Then Pierre Trudeau came back from the dead. Defeated in the election in 1979, he got his chance to come back when Joe Clark's minority government fell in a vote of non-confidence in his first budget. The election in February, 1980, put Trudeau back in 24 Sussex Drive. "Well, welcome to the 1980s," he said the night of the election, winning it just in time for him to fight the first Quebec referendum on leaving Canada and win it that May. Promising Quebeckers a renewed federalism, he got back to work on the project he'd had since taking office in 1968: giving Canada its own constitution and having a bill of rights entrenched in it at last.

That finally happened in 1982. We finally agreed on an amending formula and the British were happy to hand the thing over to us instead of wasting their own parliamentary time every time we needed a nip and a tuck made to the British North America Act. Countrywide consultation had shaped the statement of principles that were added to the Constitution at the time of its patriation: the Charter of Rights and Freedoms. For English Canada it was important in two respects. One was, as I said earlier, that it provided us at last with a statement of our core values. The other was that it was, to be honest, a statement of our core values, not Quebec's. It embraced a multiculturalism and theory of individual rights that were largely at odds with Quebec's "two founding nations" principles and an emphasis on collective, rather than individual, rights -- that the good of the cultural group trumps those of the individual and permits for greater curtailing of the individual's latitude. No government in Quebec, separatist or federalist, has ever officially endorsed the 1982 Constitution.

But for English Canada, there it was. That's who were are. That's what we believe. There is what we can rally around and point to and nod to one another, and most importantly, recognize in one another. It gave us permission to be us, and the empowerment and embrace of judicial review to work out what that means when we disagree. The questions about who we were, and were we just Americans who were inordinately fond of the Queen or something, all dried up around the time I was in high school. Even when Quebec held its second referendum in 1995, which was defeated by a gnat's eyelash, I wasn't hearing the same doom predictions as in 1980 that without the Quebec glue, the rest of Canada would fall apart and just collapse into the arms of the United States. We'd get by. We would find a way to adjust to the new normal and move on. We knew who we were, and what we stood for, and what we wanted and didn't want, and Quebec leaving wasn't going to change that. We'd grown hard and proud like a spouse who's been threatened with the other's leaving once too often. We were finally brave enough to say, "then, if you really must... go." I do believe that when we stopped whining and begging Quebec at all costs not to leave us, but started talking about what the practicalities of that came down to, it shocked a lot of them. I think the quiet acceptance of federalism in Quebec in recent years, the recognition that they have a lot of elbow room in this federation and it's not all that bad a place to be, is in part a function of their partner, us, finally growing up. We are a good, strong, confident partner now, and maybe that's a little sexy. And even though we did it in a way that kind of alienated them, after a couple of generations, maybe that's what counts.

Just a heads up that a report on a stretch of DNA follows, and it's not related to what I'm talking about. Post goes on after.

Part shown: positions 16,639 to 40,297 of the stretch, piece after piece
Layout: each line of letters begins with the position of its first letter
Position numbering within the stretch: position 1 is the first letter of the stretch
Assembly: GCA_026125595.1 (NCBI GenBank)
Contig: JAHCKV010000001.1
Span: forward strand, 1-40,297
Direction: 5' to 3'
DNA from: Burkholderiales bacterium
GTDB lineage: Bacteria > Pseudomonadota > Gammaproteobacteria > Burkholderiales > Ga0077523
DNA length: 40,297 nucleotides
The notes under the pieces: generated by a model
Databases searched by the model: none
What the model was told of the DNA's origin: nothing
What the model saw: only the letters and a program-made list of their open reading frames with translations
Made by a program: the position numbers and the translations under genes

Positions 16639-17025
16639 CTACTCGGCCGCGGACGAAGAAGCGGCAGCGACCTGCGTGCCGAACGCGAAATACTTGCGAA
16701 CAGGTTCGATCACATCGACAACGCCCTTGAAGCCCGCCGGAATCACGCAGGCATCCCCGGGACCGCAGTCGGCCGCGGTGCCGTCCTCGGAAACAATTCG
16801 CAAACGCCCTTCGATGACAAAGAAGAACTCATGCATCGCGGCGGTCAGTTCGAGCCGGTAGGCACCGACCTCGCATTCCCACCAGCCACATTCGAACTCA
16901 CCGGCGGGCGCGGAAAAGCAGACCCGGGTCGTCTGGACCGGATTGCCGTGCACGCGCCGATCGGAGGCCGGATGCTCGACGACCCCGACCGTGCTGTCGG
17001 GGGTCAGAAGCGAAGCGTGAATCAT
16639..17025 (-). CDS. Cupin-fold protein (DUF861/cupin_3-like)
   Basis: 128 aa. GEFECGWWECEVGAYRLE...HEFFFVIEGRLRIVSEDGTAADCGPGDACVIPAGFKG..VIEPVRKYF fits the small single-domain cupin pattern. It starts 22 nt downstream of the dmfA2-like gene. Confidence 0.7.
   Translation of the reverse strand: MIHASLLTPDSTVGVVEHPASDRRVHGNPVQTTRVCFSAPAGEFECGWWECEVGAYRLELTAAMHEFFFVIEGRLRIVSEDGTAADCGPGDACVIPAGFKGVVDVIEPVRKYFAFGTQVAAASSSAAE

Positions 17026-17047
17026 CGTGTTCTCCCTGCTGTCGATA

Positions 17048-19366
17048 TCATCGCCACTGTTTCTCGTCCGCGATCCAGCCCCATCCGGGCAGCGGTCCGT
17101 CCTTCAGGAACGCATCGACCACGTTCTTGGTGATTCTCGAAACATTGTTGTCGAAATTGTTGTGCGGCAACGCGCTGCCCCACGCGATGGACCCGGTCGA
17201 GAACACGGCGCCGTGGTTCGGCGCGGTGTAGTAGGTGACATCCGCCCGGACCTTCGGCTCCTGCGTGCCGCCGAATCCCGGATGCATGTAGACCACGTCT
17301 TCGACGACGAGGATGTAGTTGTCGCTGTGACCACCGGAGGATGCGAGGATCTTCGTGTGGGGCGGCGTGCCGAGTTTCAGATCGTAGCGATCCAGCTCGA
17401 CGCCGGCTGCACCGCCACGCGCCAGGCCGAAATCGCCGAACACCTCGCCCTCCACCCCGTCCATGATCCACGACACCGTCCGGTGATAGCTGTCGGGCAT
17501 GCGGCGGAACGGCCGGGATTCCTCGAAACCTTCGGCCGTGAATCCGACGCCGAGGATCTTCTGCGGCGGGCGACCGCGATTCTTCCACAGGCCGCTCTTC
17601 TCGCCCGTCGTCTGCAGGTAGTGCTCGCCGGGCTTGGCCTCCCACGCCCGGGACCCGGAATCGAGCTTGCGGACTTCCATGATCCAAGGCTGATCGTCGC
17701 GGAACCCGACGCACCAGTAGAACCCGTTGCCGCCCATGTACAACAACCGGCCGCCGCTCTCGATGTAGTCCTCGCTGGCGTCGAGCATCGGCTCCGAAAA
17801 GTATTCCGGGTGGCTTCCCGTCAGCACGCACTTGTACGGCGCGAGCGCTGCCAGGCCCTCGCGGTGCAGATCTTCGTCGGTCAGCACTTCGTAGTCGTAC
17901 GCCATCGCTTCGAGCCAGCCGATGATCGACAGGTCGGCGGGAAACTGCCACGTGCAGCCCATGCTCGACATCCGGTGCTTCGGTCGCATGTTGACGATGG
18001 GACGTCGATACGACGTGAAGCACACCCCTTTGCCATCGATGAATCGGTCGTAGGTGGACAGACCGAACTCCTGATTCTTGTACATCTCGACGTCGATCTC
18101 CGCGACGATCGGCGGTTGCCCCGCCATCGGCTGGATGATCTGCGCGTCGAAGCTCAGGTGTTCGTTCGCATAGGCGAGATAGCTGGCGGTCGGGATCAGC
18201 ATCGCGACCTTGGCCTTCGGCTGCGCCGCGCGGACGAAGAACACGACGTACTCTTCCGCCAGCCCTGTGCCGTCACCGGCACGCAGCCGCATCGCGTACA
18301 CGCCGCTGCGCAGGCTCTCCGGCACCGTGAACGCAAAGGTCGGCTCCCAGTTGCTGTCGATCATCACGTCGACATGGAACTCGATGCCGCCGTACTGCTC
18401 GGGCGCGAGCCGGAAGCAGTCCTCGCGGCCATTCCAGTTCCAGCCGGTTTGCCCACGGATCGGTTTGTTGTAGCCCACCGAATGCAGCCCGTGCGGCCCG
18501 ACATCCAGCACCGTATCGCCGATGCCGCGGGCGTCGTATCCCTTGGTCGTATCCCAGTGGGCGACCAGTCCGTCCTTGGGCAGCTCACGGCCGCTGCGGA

I'm ready to be "Canadian" for as long as Quebec stays, but fully functional as an "English Canadian" if they go. I think that's finally true for us all. Because in 1982, we declared to ourselves and the world who were are and what we stand for. Take it or leave it, everybody: this is us.